Like many other strongmen of his era Zass was initially motivated to develop his strength when he attended a circus and saw the feats done by the circus strongman.

At first he developed himself by climbing trees, running and with home made dumbells and barbells. Later he trained under some of the great Russian professional strongmen including Krelov, Anokhin, and Demetrioff who taught their systems in person and through correspondence. Anokhin taught his system to George Lurich who eventually became famous as a world champion strongman and wrestler.

Zass was very innovative and started bending green branches and twigs to develop his grip strength. Perhaps this was the start of his great belief in the application of isometrics and “maximum tension” (a concept that is present in Russian training methods to this day) for the development of strength. He believed such an approach superior to the use of weights in developing strength.

Whilst a prisoner of war he continued to develop his strength with the use of isometrics by pulling on the bars and chains. This episode and the knowledge that he obtained from it later became the basis of his mail order course which featured isometrics in the form of pulling on chains of various lengths.’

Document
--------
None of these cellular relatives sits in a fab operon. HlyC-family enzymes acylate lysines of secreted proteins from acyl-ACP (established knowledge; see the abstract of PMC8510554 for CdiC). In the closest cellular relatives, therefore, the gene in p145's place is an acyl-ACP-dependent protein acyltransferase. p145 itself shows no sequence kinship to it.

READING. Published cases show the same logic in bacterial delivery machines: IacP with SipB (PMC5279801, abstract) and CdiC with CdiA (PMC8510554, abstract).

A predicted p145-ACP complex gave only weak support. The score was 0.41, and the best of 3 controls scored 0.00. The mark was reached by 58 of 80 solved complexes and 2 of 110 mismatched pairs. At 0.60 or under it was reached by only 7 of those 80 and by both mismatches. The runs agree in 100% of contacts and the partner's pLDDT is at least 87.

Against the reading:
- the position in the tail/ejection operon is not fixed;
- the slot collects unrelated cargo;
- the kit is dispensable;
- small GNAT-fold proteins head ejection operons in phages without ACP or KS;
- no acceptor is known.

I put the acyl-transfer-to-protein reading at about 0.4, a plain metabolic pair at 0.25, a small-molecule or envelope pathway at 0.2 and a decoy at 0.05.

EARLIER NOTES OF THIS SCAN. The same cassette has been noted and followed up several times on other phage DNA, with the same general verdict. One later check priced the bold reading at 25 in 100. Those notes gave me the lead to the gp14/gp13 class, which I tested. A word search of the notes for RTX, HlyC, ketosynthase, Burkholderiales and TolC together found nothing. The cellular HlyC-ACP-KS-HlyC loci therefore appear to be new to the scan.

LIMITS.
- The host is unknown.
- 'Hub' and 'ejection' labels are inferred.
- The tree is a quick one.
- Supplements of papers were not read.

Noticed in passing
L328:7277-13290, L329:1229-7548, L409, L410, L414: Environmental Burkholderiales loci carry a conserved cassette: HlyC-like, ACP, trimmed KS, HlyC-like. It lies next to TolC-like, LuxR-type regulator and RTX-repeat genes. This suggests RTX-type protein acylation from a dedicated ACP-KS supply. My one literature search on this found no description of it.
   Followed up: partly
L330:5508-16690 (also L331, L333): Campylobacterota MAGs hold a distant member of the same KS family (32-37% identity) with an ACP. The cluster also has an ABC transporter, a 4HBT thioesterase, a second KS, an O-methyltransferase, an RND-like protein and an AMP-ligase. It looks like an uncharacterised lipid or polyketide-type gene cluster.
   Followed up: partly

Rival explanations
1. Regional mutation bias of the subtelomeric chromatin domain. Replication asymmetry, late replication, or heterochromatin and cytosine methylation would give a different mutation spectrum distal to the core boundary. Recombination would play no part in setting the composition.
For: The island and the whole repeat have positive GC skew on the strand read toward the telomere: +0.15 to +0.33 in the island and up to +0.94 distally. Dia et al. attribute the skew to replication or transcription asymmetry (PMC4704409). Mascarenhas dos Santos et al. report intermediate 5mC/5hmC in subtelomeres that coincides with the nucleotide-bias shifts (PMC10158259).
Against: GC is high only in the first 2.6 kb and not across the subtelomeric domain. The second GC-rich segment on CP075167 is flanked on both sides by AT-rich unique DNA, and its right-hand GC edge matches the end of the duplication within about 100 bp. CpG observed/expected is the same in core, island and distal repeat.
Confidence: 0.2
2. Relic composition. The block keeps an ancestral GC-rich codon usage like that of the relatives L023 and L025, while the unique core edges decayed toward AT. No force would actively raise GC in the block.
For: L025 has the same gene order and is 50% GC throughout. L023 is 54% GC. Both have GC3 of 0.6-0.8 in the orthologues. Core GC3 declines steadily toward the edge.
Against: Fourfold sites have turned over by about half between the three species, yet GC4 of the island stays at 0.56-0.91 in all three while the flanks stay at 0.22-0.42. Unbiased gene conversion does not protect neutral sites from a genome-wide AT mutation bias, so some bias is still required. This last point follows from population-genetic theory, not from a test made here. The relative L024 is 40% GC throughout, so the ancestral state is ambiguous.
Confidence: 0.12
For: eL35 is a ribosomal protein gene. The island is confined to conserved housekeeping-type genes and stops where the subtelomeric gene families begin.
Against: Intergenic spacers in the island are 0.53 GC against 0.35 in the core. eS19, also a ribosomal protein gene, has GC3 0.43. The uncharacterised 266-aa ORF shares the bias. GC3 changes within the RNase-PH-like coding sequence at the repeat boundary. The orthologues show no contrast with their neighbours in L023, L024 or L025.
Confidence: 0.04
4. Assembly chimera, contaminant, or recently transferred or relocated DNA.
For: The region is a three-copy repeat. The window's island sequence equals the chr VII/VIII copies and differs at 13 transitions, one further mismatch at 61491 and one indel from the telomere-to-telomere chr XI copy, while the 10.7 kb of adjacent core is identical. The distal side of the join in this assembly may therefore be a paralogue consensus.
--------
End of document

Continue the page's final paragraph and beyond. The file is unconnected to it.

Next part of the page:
The benefits of lifting slow may be in fact to add some stretch legnth to the muscle in the negative phase and perhaps to prevent injury by training form and balance.

What we do  see is athletes with protracted shoulders , locked hips , shortened calves and tilted pelvis’s – all  a symptom of training inefficently with weights.  The slow and heavy probably has its place but not above the functional and fast, a logical combination of the two may be the best way .  Education of the athlete so that he/she is not influenced incorrectly by the need to be a part of society as well as an indvidual with a particular skill that may be further developed by ‘smart’ weight training.   All training takes a good coach with up – to – date knowledge .   Theraputically we are always restablishing chains of movement and through manual treatment, releasing restriction at joint level.